Propaganda – Wikipedia
    But for the average speaker of (at least US) English, it definitely has a
    negative connotation.

  6. Jonathan Smith said,

    July 12, 2021 @ 2:34 pm

    ^ and more specifically xuān​chuán 宣傳 is a broad and connotatively neutral word meaning simply 'promote, publicize; publicity'; there is no great choice for Eng. propaganda. The Chinese descriptive text refers to zhèng​zhì xuān​chuán de zhēn​xiàng 政治宣傳的真相 'the (hidden) meaning/substance of political messaging~propaganda", which seems like the beginnings of a more faithful title…

  7. JPL said,

    July 12, 2021 @ 11:11 pm

    @Jonathan Smith:

    Instead of trying to accurately translate the culturally problematic term 'propaganda', maybe they should try to translate a phrase that reflects more accurately what Jason Stanley is concerned with, e.g., something like, "How official dishonesty serves political power". (My students from China have asked me with interest about the meaning of 'propaganda'; it is a bit of a challenge to express what the term means in a brief answer.)

  8. Bathrobe said,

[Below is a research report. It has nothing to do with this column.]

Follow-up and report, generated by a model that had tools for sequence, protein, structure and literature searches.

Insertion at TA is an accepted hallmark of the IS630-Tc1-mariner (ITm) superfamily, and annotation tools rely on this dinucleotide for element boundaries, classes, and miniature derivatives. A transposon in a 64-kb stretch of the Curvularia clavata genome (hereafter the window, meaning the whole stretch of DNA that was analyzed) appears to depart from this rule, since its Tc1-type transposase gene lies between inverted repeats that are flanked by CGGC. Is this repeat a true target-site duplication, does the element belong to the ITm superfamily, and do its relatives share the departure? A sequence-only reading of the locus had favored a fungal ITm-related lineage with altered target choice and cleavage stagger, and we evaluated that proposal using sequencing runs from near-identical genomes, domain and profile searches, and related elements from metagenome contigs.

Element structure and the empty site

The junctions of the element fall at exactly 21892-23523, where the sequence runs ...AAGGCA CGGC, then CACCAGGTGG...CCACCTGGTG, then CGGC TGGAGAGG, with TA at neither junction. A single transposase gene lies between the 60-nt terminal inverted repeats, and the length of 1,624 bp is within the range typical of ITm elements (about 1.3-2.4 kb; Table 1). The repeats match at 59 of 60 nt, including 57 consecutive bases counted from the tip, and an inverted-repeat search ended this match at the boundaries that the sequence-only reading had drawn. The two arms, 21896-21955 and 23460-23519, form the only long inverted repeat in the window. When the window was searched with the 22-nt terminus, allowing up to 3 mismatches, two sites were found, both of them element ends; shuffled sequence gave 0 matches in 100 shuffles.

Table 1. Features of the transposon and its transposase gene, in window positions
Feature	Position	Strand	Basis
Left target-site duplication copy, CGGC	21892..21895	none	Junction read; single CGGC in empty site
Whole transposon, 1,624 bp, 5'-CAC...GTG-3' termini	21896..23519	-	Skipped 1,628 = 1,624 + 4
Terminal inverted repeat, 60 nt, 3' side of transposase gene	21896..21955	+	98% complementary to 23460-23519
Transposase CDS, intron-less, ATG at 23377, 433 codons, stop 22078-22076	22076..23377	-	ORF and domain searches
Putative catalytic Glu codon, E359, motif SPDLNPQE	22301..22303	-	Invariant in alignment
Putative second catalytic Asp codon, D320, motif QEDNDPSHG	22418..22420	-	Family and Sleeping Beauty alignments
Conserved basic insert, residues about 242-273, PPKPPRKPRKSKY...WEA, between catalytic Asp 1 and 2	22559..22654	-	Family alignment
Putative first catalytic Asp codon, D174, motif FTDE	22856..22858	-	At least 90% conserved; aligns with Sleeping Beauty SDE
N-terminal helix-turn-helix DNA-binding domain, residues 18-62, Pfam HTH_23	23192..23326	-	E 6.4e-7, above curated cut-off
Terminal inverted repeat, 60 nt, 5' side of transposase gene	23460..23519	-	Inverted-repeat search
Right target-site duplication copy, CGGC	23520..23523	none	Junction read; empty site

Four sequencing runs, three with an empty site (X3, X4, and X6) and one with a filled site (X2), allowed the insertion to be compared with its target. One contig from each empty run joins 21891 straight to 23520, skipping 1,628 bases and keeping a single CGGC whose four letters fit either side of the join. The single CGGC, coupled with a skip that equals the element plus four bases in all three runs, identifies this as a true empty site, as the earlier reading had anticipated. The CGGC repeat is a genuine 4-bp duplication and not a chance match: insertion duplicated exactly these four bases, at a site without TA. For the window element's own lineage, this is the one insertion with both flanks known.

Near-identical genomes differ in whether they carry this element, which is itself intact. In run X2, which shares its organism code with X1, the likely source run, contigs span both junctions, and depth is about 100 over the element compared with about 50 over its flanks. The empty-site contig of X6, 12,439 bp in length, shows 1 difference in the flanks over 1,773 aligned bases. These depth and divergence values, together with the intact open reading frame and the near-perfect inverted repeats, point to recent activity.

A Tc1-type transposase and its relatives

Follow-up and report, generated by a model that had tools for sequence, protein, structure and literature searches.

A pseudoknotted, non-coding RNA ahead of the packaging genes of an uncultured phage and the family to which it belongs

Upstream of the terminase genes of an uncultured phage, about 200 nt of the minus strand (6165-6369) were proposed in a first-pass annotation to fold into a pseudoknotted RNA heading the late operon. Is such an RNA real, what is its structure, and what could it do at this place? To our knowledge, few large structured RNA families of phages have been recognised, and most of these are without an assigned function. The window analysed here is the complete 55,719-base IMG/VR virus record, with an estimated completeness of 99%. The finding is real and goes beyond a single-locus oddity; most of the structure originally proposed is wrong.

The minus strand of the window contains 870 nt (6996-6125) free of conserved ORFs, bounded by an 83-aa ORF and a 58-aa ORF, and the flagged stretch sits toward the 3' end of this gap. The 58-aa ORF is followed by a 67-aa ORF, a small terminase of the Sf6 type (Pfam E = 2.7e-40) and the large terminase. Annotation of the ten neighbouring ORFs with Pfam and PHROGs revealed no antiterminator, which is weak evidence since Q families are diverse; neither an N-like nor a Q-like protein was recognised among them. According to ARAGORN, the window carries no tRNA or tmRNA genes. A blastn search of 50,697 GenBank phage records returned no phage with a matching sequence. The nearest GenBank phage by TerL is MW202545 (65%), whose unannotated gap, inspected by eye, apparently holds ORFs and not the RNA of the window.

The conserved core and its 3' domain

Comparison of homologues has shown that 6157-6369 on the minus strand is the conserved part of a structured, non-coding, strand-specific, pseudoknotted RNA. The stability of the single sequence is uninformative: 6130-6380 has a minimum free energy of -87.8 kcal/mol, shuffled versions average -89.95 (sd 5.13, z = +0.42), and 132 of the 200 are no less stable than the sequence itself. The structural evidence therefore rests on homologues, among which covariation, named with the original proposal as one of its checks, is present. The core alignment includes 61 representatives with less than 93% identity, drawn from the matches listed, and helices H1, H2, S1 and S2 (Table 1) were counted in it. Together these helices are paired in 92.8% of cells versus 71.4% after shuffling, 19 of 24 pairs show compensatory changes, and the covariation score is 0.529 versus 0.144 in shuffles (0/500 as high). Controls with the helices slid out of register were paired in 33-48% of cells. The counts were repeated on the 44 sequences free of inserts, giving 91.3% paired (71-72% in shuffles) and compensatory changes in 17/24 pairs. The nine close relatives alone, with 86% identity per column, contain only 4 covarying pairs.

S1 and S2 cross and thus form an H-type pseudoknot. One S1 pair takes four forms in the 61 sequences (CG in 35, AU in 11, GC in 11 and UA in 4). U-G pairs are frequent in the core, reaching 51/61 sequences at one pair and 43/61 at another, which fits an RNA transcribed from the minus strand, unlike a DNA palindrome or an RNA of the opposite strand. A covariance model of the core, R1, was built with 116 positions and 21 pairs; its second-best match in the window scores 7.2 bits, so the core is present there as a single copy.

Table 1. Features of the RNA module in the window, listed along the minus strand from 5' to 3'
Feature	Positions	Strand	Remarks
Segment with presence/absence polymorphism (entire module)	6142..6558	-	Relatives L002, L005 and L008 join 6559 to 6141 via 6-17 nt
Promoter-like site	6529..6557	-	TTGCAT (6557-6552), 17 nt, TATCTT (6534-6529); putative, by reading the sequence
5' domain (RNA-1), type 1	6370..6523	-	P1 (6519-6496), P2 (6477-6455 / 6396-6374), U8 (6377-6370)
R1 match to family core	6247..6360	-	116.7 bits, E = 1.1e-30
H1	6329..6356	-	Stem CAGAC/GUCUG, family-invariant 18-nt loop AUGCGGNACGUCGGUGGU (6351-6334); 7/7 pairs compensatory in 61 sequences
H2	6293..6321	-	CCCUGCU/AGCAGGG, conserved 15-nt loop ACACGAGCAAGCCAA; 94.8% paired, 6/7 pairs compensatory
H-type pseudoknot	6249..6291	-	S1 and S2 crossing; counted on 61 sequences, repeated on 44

July 12, 2021 @ 11:32 pm

    I agree with Jonathan Smith. 宣传 xuān​chuán doesn't mean 'propaganda'; it refers to advertising, promotion, publicity. All business need to xuān​chuán.

    More problematic is the choice of 修辞 xiūcí, conventionally translated as 'rhetoric, figures of speech '. In Chinese 修辞 is defined as 依据题旨情境,运用特定的手段修饰文辞,以加强语言表达的效果 (roughly 'using specific methods to embellish writing in order to enhance the effectiveness of linguistic expression, based on the subject and situation'). While an appropriate match for 'political rhetoric', it's less clear that this is the same as propaganda.

    The most probable reason for the choice of title is probably the traditional preference for nominal expressions in serious Chinese titles. Whereas English might be happy to use verbal formulae like How Propaganda Works (perhaps more so in popular works), serious titles in Chinese tend to use strings of nouns.

    One possible translation given by Professor Mair is 宣传如何运作 xuānchuán rúhé yùnzuò, which means something like 'How to practise publicity'. Like the English this is a verbal expression, but is likely to be interpreted as a self-help book for good publicity and advertising.